Fortress Dillard's: A Thorn in the Side of Investors, Analysts

by Gwen Moritz  on Monday, Oct. 1, 2007 12:00 am  

How long Mitarotonda and Barington will keep up the pressure remains to be seen; Mitarotonda declined an interview request last week. As an institutional investor, however, Barington tends toward long-term investments and activist involvement.

Barington's activism joins that of a coalition of long-term investors led by Christian Brothers Investment Services, which placed a nonbinding resolution on the ballot of the May 2007 shareholders meeting urging Dillard's to prepare a sustainability report on its environmental and social policies.

The resolution, unanimously opposed by the board of directors, failed - but not by much. More than three months after the meeting - a delay Tanner found curious - the result of the vote was included in the company's quarterly report: 46.36 percent of more than 51 million shares voted favored the resolution.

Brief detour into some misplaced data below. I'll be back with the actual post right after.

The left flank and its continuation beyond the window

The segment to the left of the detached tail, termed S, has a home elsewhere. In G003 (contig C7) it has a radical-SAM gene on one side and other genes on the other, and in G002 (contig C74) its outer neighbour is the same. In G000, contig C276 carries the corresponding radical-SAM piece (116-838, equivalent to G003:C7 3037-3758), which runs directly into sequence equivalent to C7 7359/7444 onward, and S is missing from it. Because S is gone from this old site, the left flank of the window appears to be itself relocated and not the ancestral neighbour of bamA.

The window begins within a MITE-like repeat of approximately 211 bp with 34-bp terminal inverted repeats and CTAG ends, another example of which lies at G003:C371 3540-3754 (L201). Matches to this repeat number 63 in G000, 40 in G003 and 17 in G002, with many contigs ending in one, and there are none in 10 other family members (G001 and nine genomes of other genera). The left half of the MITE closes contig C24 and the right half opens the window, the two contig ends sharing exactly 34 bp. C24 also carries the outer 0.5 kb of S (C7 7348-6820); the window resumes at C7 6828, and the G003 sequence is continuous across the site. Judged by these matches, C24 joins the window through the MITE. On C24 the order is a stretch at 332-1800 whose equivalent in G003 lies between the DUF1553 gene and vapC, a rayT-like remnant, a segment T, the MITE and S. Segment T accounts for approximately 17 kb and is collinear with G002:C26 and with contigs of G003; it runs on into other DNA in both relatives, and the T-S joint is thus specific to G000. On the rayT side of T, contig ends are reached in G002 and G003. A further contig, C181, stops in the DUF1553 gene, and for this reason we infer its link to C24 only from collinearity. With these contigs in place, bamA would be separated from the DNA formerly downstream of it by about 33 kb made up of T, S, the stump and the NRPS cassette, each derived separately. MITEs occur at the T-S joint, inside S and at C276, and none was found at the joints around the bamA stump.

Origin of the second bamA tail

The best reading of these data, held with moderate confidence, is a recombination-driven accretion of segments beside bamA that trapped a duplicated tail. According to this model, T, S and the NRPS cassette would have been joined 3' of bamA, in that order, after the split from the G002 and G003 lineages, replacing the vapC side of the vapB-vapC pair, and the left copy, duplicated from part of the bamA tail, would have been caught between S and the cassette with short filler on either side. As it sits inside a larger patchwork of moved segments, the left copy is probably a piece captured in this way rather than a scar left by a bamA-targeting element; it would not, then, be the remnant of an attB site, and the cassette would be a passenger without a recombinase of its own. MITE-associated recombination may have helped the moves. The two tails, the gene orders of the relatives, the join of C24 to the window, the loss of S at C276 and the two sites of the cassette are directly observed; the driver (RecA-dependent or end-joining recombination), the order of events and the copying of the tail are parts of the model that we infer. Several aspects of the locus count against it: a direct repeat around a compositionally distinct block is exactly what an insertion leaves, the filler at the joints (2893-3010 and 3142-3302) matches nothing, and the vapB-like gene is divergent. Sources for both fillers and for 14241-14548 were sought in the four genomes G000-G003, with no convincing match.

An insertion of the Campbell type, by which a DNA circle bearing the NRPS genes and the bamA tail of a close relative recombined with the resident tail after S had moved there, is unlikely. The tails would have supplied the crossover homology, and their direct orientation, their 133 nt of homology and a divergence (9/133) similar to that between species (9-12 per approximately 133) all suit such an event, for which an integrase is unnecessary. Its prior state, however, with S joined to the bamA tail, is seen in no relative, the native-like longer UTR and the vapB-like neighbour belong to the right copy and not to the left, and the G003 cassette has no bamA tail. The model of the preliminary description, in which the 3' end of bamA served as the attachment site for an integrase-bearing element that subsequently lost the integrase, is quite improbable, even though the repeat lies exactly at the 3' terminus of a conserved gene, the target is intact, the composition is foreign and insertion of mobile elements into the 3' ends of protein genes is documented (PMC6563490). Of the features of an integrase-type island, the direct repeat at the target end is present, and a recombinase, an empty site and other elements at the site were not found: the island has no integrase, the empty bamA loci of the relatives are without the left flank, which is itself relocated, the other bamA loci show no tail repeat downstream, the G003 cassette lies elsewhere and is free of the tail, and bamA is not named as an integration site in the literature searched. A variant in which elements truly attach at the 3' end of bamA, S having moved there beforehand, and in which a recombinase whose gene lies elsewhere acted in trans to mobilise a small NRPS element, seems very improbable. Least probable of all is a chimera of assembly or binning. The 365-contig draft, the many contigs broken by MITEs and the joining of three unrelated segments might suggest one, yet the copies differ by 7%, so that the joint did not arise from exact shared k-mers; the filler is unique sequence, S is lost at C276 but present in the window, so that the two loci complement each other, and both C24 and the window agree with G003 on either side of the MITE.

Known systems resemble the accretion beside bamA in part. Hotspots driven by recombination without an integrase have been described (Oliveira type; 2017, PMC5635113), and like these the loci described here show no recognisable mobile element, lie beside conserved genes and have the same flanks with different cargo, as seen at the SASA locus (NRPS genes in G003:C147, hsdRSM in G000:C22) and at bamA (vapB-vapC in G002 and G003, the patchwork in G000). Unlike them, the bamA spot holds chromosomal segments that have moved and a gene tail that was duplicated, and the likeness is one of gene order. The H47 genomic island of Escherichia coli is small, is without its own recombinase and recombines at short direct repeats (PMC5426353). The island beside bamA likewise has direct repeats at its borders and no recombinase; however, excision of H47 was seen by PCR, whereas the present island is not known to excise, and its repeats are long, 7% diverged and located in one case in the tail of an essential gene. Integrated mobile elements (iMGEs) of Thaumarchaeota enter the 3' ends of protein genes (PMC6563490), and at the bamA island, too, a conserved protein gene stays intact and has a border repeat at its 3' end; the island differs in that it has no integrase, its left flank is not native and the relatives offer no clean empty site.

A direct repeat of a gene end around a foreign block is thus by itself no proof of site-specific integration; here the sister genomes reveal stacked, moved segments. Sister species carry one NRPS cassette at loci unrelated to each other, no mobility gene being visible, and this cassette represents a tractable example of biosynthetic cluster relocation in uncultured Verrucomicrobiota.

The coalition represented only about half a million shares.

Even if a majority of shareholders had favored the resolution, it was only advisory in nature. But Tanner said she was encouraged by the result.

"We're going to file again next year.... We're not going away," she said. "This resolution will remain on the ballot as long as we get 10 percent [of the vote]."

Other sponsors of the resolution were Connecticut Retirement Plans & Trust Funds, the New York City Pension Funds and Amalgamated Bank's LongView Collective Investment Funds.

Of course, Dillard's is free to prepare a report on corporate citizenship with or without shareholder approval.

"Hundreds of companies put out these kinds of reports without this kind of pressure," Tanner said. "Many companies that I work with that put these out have not done so due to shareholder resolutions."

And there was a time when she hoped Dillard's would be one of them.

"I've been working on Dillard's for the past five years and, as far as I know, that's when New York City [Pension Funds] also began working on it," Tanner said.

At one point, "things were going well. We were able to talk to the company and they were interested in working with us."



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